NRI investments 2021 AHR Wealth Management
Tax Harvesting is a simple yet effective way to bring down taxes you pay on your equity investments Image Credit: Shutterstock

Dubai: You may be a Non-Resident Indian (NRI) that recently raked in gains from your equity or stock investments in India, given that the markets have gone up around 90 per cent in the past one year.

If you are, it is vital to plan your long-term capital gains in equities as they are no longer tax free. Capital gains earned over and above Rs100,000 (Dh4,974) on selling equities, including shares and mutual funds, after one year are called long-term capital gains (LTCGs).

Long-term gains from equity funds are taxed at 10 per cent. Tax Harvesting is a technique that reduces this impact. It utilises the Rs100,000 (Dh4,974) annual LTCG exemption by selling and buying back part of your investment such that you “realise” net gains every year.

Tax Harvesting: A way to reduce your LTCG taxes for higher returns
In 2018, a 10 per cent Long Term Capital Gains (LTCG) tax was introduced where none existed before. The LTCG tax, however, came with a tax break. The first Rs100,000 (Dh4,974) of LTCG is exempt from 10 per cent taxes.

Like mentioned above, Tax Harvesting is a technique that utilises the Rs100,000 (Dh4,974) annual LTCG exemption by selling and buying back part of your investment such that you “realise” gains and not pay taxes on the exempt Rs100,000 (Dh4,974) of LTCG.

At a 10 per cent LTCG tax rate, you could save up to Rs10,000 (Dh500) in LTCG taxes every year by doing this diligently. Let’s explore this further and understand how.
A man walks past the Bombay Stock Exchange (BSE) building in Mumbai. Picture used for illustrative purposes.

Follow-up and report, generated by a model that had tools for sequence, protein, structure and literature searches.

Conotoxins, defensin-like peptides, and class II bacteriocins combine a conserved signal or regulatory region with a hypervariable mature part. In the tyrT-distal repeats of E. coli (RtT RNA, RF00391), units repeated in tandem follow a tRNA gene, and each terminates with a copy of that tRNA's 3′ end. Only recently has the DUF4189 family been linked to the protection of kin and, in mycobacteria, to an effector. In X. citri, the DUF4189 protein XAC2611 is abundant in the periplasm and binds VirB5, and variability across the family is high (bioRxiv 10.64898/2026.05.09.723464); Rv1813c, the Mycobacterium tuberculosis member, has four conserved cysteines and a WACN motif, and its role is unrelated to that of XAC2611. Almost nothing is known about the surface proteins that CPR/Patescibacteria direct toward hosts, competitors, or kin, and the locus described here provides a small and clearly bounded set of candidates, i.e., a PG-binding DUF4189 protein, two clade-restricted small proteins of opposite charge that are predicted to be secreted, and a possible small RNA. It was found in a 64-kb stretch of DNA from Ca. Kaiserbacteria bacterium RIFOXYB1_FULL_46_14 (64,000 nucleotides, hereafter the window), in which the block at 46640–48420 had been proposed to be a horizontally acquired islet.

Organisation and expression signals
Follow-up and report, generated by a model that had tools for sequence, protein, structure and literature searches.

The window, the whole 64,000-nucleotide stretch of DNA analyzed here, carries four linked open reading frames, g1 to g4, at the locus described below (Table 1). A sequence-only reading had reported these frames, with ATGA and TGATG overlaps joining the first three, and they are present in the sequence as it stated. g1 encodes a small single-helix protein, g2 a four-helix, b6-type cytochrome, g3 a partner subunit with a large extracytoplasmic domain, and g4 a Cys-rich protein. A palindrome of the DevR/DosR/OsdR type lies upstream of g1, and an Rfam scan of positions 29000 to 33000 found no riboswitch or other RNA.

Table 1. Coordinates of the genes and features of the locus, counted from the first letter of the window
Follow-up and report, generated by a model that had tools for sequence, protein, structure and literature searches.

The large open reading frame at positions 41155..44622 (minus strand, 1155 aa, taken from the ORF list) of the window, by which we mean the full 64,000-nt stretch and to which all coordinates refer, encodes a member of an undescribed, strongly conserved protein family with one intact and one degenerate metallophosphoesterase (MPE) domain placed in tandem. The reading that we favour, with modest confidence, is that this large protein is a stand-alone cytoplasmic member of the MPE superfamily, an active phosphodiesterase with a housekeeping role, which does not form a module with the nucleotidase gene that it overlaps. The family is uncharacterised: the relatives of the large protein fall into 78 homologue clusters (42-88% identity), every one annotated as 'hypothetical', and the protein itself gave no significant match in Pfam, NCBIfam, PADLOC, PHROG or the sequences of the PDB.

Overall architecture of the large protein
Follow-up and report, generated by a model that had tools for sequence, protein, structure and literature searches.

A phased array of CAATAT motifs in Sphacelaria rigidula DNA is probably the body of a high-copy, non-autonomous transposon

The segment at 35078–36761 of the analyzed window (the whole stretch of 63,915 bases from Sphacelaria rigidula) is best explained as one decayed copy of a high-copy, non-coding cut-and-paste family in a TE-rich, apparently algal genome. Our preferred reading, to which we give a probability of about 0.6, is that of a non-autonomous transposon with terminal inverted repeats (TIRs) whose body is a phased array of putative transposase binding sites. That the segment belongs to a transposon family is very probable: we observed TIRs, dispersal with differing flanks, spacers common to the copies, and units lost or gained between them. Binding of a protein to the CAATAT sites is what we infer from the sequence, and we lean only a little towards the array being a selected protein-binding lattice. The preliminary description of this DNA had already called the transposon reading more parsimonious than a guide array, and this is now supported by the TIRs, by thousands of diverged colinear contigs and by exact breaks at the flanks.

When do investors use this technique?

Most of the investors prefer using this strategy at the end of the financial year when they need to file returns. But you can use it throughout the year in a planned manner to keep your capital gains at a relatively lower level.

Tax Harvesting starts with the sale of the stock or an equity fund which is experiencing a consistent price decline. You feel that the asset has lost most of its value and chances of a rebound are bleak. Once the loss is realised, you offset it against capital gains that your portfolio has earned over the period.

Let’s see a simple example of how LTCG Tax Harvesting works.

Let’s say your investment yields gains of Rs100,000 (Dh4,974) every year. After 3 years, the gains are Rs300,000 (Dh14,923) and you decide to sell.

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Let’s take another example to understand how tax harvesting works. Suppose you bought 10,000 equity mutual fund units at Rs50 (Dh2.50) each in March 2018. There is a clause in case of equity instruments under which LTCG till January 31, 2018 are tax free.

So, in case a person has invested in equities before this date, the higher of either the value of shares or equity mutual funds as on January 31, 2018, or the actual purchase price will be considered the cost of acquisition. So, in this case, as the investment is made after January 31, 2018, this clause will not apply.

So, if the net asset value (NAV) of the equity mutual funds is Dh75 (Dh3.7) now, the person can sell around 4,000 units, where LTCG will be around Rs100,000 (Dh4,974). So, one can book gains in these units and reinvest the same.

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However, experts advise that tax harvesting is a good technique to save taxes, but investors have to be mindful of the fact the money should be invested immediately after the gains are booked.

Besides evaluating the LTCGs correctly, experts also advise that it is crucial to reinvest the amount immediately without wasting any time.